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DVD Review

DVD cover

Two Evil Eyes


Starring: Adrienne Barbeau, Tom Atkins, Bingo O'Malley, E.G.Marshall, Harvey Keitel, Sally Kirkland, Martin Balsam and Julie Benz
Arrow Video
RRP: £15.99
Certificate: 18
Available 10 May 2010

Two of horror's most prolific directors come together for Two Evil Eyes. The film incorporates two separate adaptations of Edgar Allan Poe stories.

In The Facts in the Case of M. Valdemar, the wife of a rich but gravely ill man, persuades her doctor/psychiatrist to hypnotise him into signing his wealth other to her upon his death. Unfortunately, he dies before the paperwork has gone through, so the scheming couple hide his body in the freezer. However, Valdemar has died whilst still under hypnosis, and finds himself in a limbo between worlds, where the 'others' are using him as a conduit to our world. Retribution is about to materialise in the most unexpected manner.

As a long-time horror fiction enthusiast, I'm sure it will come as no surprise that I know both of these stories well (in fact, I have the complete works of Poe). This adaptation, directed by The Night of the Living Dead's George A. Romero, is highly entertaining and will appeal to lovers of ghost stories as well as Columbo-like murder/intrigue. Make-up effects are expertly handled by Tom Savini, who has made his name on a number of notable horror movies. And just a word or two about ex-Mrs John Carpenter Adrienne Barbeau, who I haven't seen in too many movies, but each time I have she's presented herself as a talented character actress. She was outstanding in the Carpenter films, The Fog, Escape From New York, and Someone's Watching Me, and she's utterly convincing here too.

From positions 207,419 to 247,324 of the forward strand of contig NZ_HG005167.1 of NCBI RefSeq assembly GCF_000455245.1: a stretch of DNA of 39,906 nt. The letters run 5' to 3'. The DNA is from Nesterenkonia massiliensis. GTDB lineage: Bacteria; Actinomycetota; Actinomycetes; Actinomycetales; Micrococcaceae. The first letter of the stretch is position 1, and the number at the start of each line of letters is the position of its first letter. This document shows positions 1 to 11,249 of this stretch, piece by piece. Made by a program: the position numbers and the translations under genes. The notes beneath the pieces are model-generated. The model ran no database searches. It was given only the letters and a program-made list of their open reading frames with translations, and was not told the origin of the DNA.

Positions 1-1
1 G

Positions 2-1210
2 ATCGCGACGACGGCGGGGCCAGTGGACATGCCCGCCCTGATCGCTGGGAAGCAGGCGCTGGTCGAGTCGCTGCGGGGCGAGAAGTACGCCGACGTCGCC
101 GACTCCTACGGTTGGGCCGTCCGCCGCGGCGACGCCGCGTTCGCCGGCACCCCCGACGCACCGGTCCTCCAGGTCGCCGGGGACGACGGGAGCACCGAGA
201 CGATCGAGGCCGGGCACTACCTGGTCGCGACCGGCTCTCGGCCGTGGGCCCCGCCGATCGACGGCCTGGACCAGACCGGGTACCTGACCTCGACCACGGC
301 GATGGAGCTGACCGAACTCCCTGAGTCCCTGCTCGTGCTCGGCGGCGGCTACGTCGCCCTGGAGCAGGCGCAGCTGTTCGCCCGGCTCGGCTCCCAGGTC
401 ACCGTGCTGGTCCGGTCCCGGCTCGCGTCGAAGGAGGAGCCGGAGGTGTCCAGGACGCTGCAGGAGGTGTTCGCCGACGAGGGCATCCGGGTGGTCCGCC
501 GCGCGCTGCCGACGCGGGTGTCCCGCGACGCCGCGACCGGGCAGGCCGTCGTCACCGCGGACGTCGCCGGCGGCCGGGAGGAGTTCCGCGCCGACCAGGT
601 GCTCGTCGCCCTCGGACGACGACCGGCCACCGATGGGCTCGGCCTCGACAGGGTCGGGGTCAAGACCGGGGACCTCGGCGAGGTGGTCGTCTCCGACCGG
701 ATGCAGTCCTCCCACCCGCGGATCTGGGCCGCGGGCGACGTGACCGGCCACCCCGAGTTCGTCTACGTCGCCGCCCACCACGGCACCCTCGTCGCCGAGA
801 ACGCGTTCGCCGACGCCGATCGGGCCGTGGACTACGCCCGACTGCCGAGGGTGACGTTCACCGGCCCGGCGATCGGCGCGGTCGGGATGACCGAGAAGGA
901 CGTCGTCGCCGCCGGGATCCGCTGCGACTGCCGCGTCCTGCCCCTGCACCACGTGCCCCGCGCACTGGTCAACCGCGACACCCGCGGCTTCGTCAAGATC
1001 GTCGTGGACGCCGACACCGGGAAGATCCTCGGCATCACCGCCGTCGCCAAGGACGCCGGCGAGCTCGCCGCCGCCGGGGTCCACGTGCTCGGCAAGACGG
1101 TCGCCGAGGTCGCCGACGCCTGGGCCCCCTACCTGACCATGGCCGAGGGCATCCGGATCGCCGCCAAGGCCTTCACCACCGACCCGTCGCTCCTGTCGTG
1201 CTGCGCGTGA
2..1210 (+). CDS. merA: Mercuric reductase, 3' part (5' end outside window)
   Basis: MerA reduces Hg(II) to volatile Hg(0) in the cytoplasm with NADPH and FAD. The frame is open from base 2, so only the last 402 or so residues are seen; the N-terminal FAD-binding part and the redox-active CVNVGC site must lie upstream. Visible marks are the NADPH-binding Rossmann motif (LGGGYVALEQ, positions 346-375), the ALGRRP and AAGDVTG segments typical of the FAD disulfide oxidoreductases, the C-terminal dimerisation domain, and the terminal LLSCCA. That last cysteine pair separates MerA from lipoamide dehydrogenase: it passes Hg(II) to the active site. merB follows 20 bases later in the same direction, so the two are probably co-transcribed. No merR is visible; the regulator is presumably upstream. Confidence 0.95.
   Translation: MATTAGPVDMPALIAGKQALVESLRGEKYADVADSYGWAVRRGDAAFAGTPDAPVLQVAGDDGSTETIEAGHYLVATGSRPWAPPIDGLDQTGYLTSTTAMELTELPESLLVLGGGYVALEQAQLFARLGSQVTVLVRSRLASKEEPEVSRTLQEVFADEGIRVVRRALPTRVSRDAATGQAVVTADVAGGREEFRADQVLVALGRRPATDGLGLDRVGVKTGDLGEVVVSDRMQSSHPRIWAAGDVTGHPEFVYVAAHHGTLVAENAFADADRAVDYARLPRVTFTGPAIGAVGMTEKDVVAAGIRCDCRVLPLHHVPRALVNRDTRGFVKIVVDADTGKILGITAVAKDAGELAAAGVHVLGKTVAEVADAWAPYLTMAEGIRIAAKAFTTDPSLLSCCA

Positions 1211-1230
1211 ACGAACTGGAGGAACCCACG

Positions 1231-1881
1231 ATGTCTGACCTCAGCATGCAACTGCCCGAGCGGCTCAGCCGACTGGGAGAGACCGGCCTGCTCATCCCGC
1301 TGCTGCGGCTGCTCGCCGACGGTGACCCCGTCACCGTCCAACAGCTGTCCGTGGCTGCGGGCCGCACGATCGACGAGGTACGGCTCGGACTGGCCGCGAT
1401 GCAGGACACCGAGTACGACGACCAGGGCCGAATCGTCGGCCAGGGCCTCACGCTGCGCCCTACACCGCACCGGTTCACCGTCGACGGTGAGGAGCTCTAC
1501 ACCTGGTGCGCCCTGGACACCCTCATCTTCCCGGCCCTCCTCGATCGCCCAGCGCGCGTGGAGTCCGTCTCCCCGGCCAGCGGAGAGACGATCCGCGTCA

In The Black Cat, directed by Dario Argento (Demons, Tenebre, Suspiria, and many others), follows the story of forensic photographer Roderick Usher (played by Harvey Keitel), who sells pictures of death as artwork. When his wife Annabel brings in a stray cat it takes an instant dislike to him and builds a ridge between him and his wife. After he strangles it for his photography, the cat shows up again and causes his life to take a downward spiral, culminating in him killing his wife when she tries to leave him. He attempts to cover up the murder, but the cat remains the bane of his life.

There have been a number of adaptations of this Poe short story, most notably the rather strange Legosi and Karloff version, and the better known Roger Corman film, Tales of Terror. But probably the best example I've seen is the Stuart Gordon one, made as part of Season 2 of the Masters of Horror anthology series. A certain amount of poetic licence has been implemented in this version. Not only has the key character's occupation been changed, but the main difference here is that rather then finish on the cat giving him away by accidentally being walled-up with the body of his wife, it goes past this point so that his secret is revealed in a different but somewhat similar way, with an additional unexpected ending - which is always welcome.

I like the short story within a film format. It works well, making the content tighter and giving the whole more impact. This release comes with only a trailer for each segment, but is nevertheless well worth a look.


Ty Power

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